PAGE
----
There’s something about being in the water that frees the mind, makes you forget about whatever it is on land you’re trying to leave behind — loss, grief, pain, disappointment. Somehow being in the water seems to, at least temporarily, wash all of those things away. But for one group of swimmers in North Carolina, it isn’t so much about escaping, but about dealing directly with a huge loss in their lives — the loss of two of their fellow officers.
Five members of the Charlotte-Mecklenburg Police Dept. (CMPD) will be taking part in an honor swim to benefit the children of two fallen officers. The honor swim — which will take place next May — will raise money to send three of the officers’ children to college.
Those fallen officers, Fred Thornton and Sean Clark, were both killed in the line of duty. CMPD Officer Olin Lester says, “Both deaths had a dramatic impact on me as an officer, a man, and as a father.”
Clark, a member of the SWAT team, died in April of 2007. He was shot and killed while responding to a call about a suspect who was barricaded inside an apartment. Thornton was killed accidentally in February of 2011 during a narcotics-related search warrant.
Lester says he was working with Thornton that day, assisting him with securing the back of the residence. Once back inside the van, he smiled at Fred and asked how many days he had left until retirement. “Fred responded with a big smile, 101 days,” he said. Fred would die a few hours later, after his FSDD (flash sound distraction device) detonated while against his abdomen.
Lester says one day he was at home thinking about retiring (years from now), and how he would pay for his two year old daughter’s college education. That’s when he says he thought about Fred and how he left behind four children — the youngest still in high school at the time of his death.
It was at that moment Lester says “It hit me, we are going to swim the length of Lake Norman to put his youngest kid through college.”
“The crazy irony of it all is that Fred couldn’t swim for anything,” Lester said.
Lester says swimming always came very easily to him, and as a child it was one of the ways he bonded with his father. He’d been tracking world record holder and legendary swimmer, Diana Nyad, and her courageous attempts to swim the 103 miles from Cuba to Florida.
He started researching Lake Norman, the largest manmade body of fresh water in North Carolina.
“I started to study the lake and learned that no one had ever attempted to swim the entire length, which is 34 miles,” he said.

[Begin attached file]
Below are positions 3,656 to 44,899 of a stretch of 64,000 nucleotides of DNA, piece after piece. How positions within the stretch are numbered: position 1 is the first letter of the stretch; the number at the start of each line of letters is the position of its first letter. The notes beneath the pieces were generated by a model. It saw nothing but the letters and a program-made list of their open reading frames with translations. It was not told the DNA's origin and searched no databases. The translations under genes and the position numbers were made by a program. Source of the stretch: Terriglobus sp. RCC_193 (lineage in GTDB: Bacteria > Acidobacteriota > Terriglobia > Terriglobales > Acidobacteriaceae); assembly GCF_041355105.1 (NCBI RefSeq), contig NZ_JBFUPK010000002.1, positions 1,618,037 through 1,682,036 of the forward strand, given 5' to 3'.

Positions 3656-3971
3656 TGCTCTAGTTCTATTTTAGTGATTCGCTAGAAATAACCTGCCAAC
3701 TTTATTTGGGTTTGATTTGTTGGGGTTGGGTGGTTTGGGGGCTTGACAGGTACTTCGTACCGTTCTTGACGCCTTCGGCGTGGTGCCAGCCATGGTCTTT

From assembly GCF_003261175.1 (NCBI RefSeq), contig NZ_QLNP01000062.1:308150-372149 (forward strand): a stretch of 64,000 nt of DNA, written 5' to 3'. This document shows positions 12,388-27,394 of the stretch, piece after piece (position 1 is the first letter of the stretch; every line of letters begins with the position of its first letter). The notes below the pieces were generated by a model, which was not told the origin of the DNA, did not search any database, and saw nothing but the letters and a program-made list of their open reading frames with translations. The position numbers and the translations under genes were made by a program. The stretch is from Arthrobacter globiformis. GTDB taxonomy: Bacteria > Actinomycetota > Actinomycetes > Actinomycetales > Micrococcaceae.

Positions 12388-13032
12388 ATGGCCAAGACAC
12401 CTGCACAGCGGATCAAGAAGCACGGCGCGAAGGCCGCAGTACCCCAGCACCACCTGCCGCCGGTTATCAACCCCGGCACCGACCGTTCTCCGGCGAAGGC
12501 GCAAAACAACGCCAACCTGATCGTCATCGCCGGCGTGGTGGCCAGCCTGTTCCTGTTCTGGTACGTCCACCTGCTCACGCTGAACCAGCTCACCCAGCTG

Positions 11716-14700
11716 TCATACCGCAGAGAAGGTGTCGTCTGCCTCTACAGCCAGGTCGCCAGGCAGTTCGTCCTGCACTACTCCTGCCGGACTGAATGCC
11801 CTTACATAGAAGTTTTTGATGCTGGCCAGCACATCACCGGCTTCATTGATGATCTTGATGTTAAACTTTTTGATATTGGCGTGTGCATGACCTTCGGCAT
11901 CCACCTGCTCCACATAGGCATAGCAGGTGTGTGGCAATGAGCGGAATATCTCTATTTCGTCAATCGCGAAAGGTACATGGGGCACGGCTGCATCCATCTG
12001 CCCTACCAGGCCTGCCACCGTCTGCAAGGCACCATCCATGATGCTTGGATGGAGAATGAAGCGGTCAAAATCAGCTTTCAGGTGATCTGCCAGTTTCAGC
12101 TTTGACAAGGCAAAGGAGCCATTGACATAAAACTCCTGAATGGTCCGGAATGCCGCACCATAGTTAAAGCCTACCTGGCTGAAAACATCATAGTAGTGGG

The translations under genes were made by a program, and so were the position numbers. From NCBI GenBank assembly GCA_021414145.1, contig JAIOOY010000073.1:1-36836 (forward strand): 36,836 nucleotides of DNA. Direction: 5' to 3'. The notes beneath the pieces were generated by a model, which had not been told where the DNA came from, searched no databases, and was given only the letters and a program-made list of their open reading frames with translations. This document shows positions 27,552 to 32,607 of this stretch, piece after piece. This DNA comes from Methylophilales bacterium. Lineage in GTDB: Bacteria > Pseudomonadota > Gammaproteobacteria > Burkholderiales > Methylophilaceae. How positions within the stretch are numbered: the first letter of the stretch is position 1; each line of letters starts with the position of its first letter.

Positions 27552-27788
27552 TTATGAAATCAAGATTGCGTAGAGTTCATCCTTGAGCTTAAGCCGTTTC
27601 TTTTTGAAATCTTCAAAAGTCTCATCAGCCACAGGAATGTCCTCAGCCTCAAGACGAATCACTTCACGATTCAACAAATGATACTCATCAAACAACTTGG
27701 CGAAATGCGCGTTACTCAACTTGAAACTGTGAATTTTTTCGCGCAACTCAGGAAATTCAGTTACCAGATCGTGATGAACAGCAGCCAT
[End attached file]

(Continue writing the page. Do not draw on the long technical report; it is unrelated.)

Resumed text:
As soon as the seed was planted, and he was ready to run with the idea, Lester says the first person he thought of was his partner on the SWAT team since 2006 – Harlon McKinney. Lester says he knew if McKinney learned about his idea, he wouldn’t let him give up on it, until he saw it through.
So, the two of them started planning together. They needed three more swimmers to complete their honor swim team. Sgt. Mike Graue and Officer Derek Rud, both former Marines and members of the SWAT team, jumped at the chance. The fifth swimmer, Officer Seth Greene was in before he had a chance to be asked. Greene is on the department’s VCAT squad and also a good friend of Lester’s, who trains with him often for endurance races.
The swim route will start near the Lookout Shoals Dam, on the Catawba River. The officers will swim continuously, one swimmer at a time, until they reach Blythe Landing Park. Lester estimates it will take them around 24 hours to complete the route. They also plan to swim at night.
Their journey now begins, with intense physical training.
Lester says they will focus on strength and endurance training and get to a pool or open water whenever possible, to help them prepare.
Lester says a few months after Fred’s death, a local Charlotte company donated a mature Oak tree to the department as a living honor of Fred’s life. The beautiful tree was planted at the department’s range.
“As a sniper with the SWAT team, I train roughly one week per month. So every month, for an entire week, I would see this tree – this living memory of my friend,” Lester said. This would go on for a whole year. “At the end of the year, I decided that I wanted to build a memorial around the tree. I started pricing bricks, stones and monuments.”
But then, Lester says, he thought about Fred. “He was a very pragmatic man. Fred would not want money spent on a memorial.”
“I knew that despite all of my planning over that period of time, in the end I‘d have to honor Fred by supporting the one thing a father would do anything for – his children.”